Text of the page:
Country
code

Canary Islands

Crash of a Cessna 414 Chancellor in Santa Cruz de Tenerife: 2 killed

Date & Time: May 9, 1998 at 1240 LT
Type of aircraft:
Operator:
Registration:
EC-CVV
Survivors:
No
Site:
Schedule:
Santa Cruz de Tenerife-Santa Cruz de Tenerife
MSN:
414-1797
YOM:
1976
Country:
Region:
Crew on board:
1
Crew fatalities:
Pax on board:
1
Pax fatalities:
Other fatalities:
Total fatalities:
2
Captain / Total flying hours:
1000
Captain / Total hours on type:
20.00
Aircraft flight hours:
750

Crash of a Dassault Falcon 20DC in Las Palmas

Date & Time: Sep 30, 1987 at 0721 LT
Type of aircraft:
Operator:
Registration:
EC-ECB
Flight Type:
Survivors:
Yes
Schedule:
Madrid - Las Palmas
MSN:
210
YOM:
1970
Country:
Region:
Crew on board:
2
Crew fatalities:
Pax on board:
0
Pax fatalities:
Other fatalities:
Total fatalities:
0
Captain / Total flying hours:
1515
Circumstances:
During the last segment, the aircraft was unstable and upon touchdown, it went out of control. It veered off runway to the left and came to rest. Both crew members escaped uninjured while the aircraft was damaged beyond repair.

Crash of a Lockheed C-130H Hercules near Las Palmas: 10 killed

Date & Time: May 28, 1980 at 1025 LT
Type of aircraft:
Operator:
Registration:
T.10-1
Flight Phase:
Flight Type:
Survivors:
No
Site:
Schedule:
Madrid – Tenerife – Las Palmas
MSN:
4520
YOM:
1973
Country:
Region:
Crew on board:
5
Crew fatalities:
Pax on board:
5
Pax fatalities:
Other fatalities:
Total fatalities:
10
Circumstances:
The crew was completing a flight from Tenerife to Las Palmas where 70 soldiers should embark. The descent to Gando Airport was initiated from the west in marginal weather conditions. In limited visibility due to clouds, the four engine airplane struck the slope of Mt Hoya del Gamonal located about 17 km northwest of the airport. The aircraft was destroyed and all 10 occupants were killed. For unknown reasons, the crew initiated the approach from the west over the island instead of flying along the northern coast of the island.
Probable cause:
Controlled flight into terrain.

Crash of a Boeing 727-64 in Tenerife: 146 killed

Date & Time: Apr 25, 1980 at 1321 LT
Type of aircraft:
Operator:
Registration:
G-BDAN
Survivors:
No
Site:
Schedule:
Manchester - Tenerife
MSN:
19279
YOM:
1966
Flight number:
DA1008
Country:
Region:
Crew on board:
8
Crew fatalities:
Pax on board:
138
Pax fatalities:
Other fatalities:
Total fatalities:
146
Captain / Total flying hours:
15299
Captain / Total hours on type:
1912.00
Copilot / Total flying hours:
3492
Copilot / Total hours on type:
618
Aircraft flight hours:
30622
Circumstances:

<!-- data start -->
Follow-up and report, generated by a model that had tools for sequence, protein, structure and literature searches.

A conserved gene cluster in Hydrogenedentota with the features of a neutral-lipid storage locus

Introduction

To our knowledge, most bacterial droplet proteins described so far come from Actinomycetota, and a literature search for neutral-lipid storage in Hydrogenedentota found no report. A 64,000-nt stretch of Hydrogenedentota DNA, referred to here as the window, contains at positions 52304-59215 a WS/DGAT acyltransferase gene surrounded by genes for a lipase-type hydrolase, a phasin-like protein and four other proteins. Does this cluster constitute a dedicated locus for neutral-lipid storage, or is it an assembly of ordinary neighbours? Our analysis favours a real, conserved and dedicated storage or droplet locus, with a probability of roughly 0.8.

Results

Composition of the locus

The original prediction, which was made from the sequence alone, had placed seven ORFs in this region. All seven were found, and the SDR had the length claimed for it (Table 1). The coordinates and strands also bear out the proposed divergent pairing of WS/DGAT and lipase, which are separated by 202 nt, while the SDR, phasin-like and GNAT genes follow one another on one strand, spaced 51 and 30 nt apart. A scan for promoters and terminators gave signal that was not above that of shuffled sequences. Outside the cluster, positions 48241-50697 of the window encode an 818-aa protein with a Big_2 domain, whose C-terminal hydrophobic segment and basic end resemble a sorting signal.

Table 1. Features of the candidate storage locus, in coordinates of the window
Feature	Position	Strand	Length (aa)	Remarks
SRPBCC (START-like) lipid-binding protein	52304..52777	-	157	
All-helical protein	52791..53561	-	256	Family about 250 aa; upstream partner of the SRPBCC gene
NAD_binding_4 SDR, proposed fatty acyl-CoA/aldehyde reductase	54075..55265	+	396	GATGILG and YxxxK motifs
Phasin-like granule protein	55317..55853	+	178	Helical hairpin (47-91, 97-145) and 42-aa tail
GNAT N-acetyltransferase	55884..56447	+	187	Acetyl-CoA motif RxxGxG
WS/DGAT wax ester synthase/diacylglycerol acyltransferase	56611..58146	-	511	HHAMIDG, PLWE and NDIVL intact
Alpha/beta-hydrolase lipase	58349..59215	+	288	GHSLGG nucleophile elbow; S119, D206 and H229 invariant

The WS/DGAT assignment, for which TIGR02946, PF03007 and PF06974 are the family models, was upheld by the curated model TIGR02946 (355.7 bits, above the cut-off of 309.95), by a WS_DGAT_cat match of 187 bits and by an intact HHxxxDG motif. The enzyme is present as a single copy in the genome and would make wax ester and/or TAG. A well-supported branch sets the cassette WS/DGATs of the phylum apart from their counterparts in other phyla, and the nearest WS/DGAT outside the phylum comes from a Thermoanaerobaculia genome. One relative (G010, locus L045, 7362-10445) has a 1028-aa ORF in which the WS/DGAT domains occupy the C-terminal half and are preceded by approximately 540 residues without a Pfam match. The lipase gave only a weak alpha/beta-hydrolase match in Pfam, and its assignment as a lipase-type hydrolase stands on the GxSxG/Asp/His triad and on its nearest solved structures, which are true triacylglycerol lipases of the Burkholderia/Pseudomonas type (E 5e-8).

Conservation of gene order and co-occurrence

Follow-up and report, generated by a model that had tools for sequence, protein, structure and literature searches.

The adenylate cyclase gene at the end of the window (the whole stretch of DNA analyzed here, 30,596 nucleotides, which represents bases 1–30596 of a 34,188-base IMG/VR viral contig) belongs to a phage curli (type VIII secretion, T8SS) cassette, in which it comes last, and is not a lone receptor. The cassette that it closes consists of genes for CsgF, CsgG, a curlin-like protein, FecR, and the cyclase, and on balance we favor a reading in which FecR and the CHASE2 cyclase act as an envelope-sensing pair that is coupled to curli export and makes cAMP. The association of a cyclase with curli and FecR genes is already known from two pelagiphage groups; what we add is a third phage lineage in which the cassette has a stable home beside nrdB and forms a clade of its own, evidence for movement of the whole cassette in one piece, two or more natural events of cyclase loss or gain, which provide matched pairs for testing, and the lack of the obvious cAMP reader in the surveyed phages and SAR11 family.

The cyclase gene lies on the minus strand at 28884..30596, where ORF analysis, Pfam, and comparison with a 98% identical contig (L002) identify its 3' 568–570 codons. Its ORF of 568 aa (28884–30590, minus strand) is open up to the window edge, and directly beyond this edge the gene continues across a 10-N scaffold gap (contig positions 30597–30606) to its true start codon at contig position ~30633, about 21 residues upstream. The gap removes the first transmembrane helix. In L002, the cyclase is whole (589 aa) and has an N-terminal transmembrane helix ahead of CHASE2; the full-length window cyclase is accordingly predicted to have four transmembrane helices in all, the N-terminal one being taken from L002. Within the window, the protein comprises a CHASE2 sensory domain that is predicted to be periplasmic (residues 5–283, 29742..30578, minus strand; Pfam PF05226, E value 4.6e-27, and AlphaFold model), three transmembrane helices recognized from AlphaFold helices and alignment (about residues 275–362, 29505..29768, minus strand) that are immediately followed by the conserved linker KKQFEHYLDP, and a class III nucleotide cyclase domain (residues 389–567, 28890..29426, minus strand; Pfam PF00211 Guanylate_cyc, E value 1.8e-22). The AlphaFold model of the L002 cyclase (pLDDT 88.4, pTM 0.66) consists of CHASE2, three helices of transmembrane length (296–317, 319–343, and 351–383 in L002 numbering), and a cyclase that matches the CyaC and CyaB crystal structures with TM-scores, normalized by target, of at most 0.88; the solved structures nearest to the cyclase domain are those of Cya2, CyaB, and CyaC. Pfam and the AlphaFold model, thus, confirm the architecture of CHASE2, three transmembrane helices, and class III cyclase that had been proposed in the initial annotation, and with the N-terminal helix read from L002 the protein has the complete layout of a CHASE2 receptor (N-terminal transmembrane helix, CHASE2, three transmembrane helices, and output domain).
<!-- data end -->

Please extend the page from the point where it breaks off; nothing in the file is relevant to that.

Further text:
Dan-Air flight 1008 took off from Manchester Airport (MAN) at 09:22 UTC en route for Tenerife-Norte Los Rodeos Airport (TFN). After an uneventful flight, the crew contacted Tenerife North Airport Approach Control at 13:14, informing them that they were at FL110 and at 14 nautical miles from the TFN VOR/DME. Approach Control replied, "Dan Air one zero zero eight, cleared to the Foxtrot Papa beacon via Tango Foxtrot November, flight level one one zero expect runway one two, no delay." The Dan Air crew repeated the clearance and requested meteorological information, which was given as: "OK runway in use one two, the wind one two zero zero five, visibility six from seven kilometres clouds, two oktas at one two zero metres, plus four oktas at two five zero metres, plus two oktas at three five zero metres, November Hotel one zero three, temperature one six, dew point one, and drizzle." Approximately one minute later Approach Control told the aircraft to descend and maintain FL60. Receipt of this message was acknowledged by the aircraft, whereupon the controller immediately requested it to indicate its distance from the TFN beacon. The crew replied that it was at 7 NM from TFN. At 13:18:48 UTC the aircraft notified Approach Control that it had just passed TFN and that it was heading for the 'FP' beacon. The controller then informed them of an unpublished hold over Foxtrot Papa: "Roger, the standard holding over Foxtrot Papa is inbound heading one five zero, turn to the left, call you back shortly." Dan Air 1008 only replied "Roger" without repeating the information received, which was not compulsory under the ICAO regulations in force at the time of the accident. Almost one minute later, the aircraft the crew reported: "Dan Air one zero eight, Foxtrot Papa level at six zero, taking up the hold" and Tenerife APP replied: "Roger". Instead of passing overhead FP, the flight had passed this navaid at 1.59 NM to the South. Instead of entering the 255 radial, the Boeing 727 continued its trajectory in the direction of 263 degrees for a duration of more than 20 seconds, entering an area with a minimum safety altitude (MSA) of 14500 ft. The co-pilot at that point said: "Bloody strange hold, isn't it?" The captain remarked "Yes, doesn't isn't parallel with the runway or anything." The flight engineer then also made some remarks about the holding procedure. Approach control then cleared them down to 5000 feet. The captain then remarked: "Hey did he say it was one five zero inbound?". It appears that at this moment the information received on the holding flashed back to the Captain's mind, making him realize that his manoeuvre was taking him to magnetic course 150 degrees outbound from 'FP', whereas the information received was "inbound" on the holding, heading 150 degrees towards 'FP'. The copilot responded: "Inbound yeh". "I don't like that", the captain said. The GPWS alarm sounded. The captain interrupted his left hand turn and entered a right hand turn and ordered an overshoot. They overflew a valley, temporarily deactivating the GPWS warning. The copilot suggested: "I suggest a heading of one two two actually and er take us through the overshoot, ah." But the captain continued with the turn to the right, because he was convinced that the turn he had been making to the left was taking him to the mountains. The captain contacted Approach Control at 13:21: "Er ... Dan Air one zero zero eight, we've had a ground proximity Warning." About two seconds later the aircraft flew into the side of a mountain at an altitude of approximately 5450 ft (1662 m) and at 11.5 km off course.